It is well known that Mark Shuttleworth is a proponent of six-month
development cycles. However, in this blog post
considers the larger changes which cannot be done in six months. "Six-month cycles are great. Now let's talk about meta-cycles: broader release cycles for major work. I'm very interested in a cross-community conversation about this, so will sketch out some ideas and then encourage people from as many different free software communities as possible to comment here. I'll summarise those comments in a follow-up post, which will no doubt be a lot wiser and more insightful than this one :-)
Comments (31 posted)
that Alcatel-Lucent will switch its networking products'
operating system from VxWorks to Linux.
"AOS itself sits on top of an embedded operating system that Alcatel-Lucent uses on its switching gear. Currently, that operating system is VxWorks from Wind River, though that's set to change. Minka Nikolova, senior product manager at Alcatel-Lucent, told InternetNews.com that the plan is to shift from VxWorks to Linux by early next year.
Nikolova argued that from a user point of view, customers won't know the difference, as the operating system underneath AOS will be transparent.
That said, she did note that Linux will bring some new opportunities to AOS.
Comments (2 posted)
LinuxDevices looks at
expansion of Android into set-top boxes. "The Android version of the Au Box is destined for an October launch by Japanese carrier KDDI, and is supported by a new Japan-based Open Embedded Software Foundation (OESF) organization, according to a story in EETimes. The Au Box STB "will allow users to take their music and video content with them on the go by connecting to a handset or portable player," says the story. EETimes also reports that JVC is considering the development of a TV set based on the open-source, Linux/Java-based Android distribution.
Comments (none posted)
a look at
applications which let users run Linux and Windows at the
same time on a single Windows machine. "Virtualization is the
current boom in the software field. Each virtual machine has its own share
of CPU, memory, network interfaces etc which is isolated from other virtual
machines. This article selects the best no-charge virtualization
" (Thanks to Steve Emms)
Comments (17 posted)
Linux Journal has a
of the book
Burning the Ships: Intellectual Property and the Transformation of Microsoft
by David Kline.
"In a world where distinctions between open source and proprietary software are becoming increasingly irrelevant, what role can IP [Intellectual Property] play in facilitating greater collaboration with the industry for the benefit of business and customers alike? (167)
While this quote appears near the end of Marshall Phelps and David Klines new book Burning the Ships: Intellectual Property and the Transformation of Microsoft, it does sum up nicely the thread that weaves through the book, a case study of how Microsoft reinvented itself and began leveraging its Intellectual Property for good (collaboration) instead of evil (punishment).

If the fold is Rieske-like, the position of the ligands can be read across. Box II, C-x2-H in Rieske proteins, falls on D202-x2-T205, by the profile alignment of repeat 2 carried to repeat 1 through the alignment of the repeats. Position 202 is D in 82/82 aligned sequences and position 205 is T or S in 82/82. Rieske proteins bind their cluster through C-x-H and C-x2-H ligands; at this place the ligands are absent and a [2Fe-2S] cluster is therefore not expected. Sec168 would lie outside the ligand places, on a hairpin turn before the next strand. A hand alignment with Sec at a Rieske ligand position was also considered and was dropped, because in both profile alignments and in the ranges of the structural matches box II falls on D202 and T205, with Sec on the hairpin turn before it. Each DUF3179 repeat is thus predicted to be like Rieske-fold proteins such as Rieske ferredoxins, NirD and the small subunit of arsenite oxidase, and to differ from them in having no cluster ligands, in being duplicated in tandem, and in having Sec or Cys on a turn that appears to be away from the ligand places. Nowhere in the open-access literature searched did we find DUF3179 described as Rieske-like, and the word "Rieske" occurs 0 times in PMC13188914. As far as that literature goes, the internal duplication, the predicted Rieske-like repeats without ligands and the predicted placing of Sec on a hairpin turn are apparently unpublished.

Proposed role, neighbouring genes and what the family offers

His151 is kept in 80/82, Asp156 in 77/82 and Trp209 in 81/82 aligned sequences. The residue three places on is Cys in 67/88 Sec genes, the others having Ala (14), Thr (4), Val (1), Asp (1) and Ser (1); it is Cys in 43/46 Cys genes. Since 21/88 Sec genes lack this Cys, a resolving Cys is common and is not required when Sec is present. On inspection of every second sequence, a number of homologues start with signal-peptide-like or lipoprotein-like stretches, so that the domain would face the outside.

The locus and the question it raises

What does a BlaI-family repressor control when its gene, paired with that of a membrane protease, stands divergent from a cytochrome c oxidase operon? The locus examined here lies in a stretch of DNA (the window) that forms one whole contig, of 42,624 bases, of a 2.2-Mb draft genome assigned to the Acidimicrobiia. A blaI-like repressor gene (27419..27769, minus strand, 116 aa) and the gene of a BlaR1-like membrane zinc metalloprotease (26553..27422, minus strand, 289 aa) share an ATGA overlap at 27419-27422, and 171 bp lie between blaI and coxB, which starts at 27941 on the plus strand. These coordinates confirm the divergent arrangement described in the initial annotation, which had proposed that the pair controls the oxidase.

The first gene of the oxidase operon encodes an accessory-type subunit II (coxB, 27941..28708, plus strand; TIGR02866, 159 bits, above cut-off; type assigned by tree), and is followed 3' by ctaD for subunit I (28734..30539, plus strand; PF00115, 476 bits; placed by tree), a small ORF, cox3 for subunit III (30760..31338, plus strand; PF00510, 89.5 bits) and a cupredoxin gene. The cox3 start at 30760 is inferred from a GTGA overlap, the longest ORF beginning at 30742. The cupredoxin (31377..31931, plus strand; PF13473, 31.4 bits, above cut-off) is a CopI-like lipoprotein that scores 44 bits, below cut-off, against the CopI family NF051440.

Putting aside the rah rah Microsoft tone of the book for a moment, it is a good case study of how a company can leverage its IP successfully.
Comments (none posted)
The H takes a look
at the XO 1.5 laptop
from the One Laptop Per Child project. "The
current OLPC, the XO-1, uses an x86 Geode chip from Advanced Micro Devices
(AMD). The XO-1.5 is based on the design of the XO-1, but will use a new
VIA C7-M processor with clock ranges from 400MHz to 1GHz. The OLPC Tech
Team's goal with the re-design is to match the XO-1 power consumption. The
refreshed model will use the new VIA VX855 chipset that includes the memory
interface, 3D graphics engine, USB, SDIO and video decoder on a single
chip. The memory in the XO-1.5 has been increased to 1 GB of RAM and 4GB of
flash storage, with an option for 8 GB.
Comments (21 posted)
the release of rBuilder v5. "RBuilder combines an application with an optimized version of its operating system and converts them into a set of virtual files. RBuilder has been used as a free online tool at the rPath site to build many Amazon Machine Images, the virtual file formats that run in Amazon's EC2 cloud, which uses the Xen open source hypervisor.
Comments (none posted)
Embedded.com takes a
at Real-Time Innovations' RTI Data Distribution Service, real-time
messaging middleware with Security-Enhanced Linux (SELinux).
"According to Karl MacMillan, director of Core Technology at Tresys,
this combination provides real-time and high-performance distributed
applications with the ability to securely distribute data by combining
RTI's high-performance network communications with the extremely flexible
Mandatory Access Control (MAC) facilities of SELinux.
Comments (8 posted)
The H looks
at the health of the openSUSE distribution
. "Through all these
vicissitudes the openSUSE community has continued to produce a high class
Linux distribution, which continues to receive plaudits, and appears to
support a thriving and enthusiastic community, with busy forums and its own
weekly news bulletin, which is widely read. The traditions of SuSE continue
against the tide.
Comments (1 posted)
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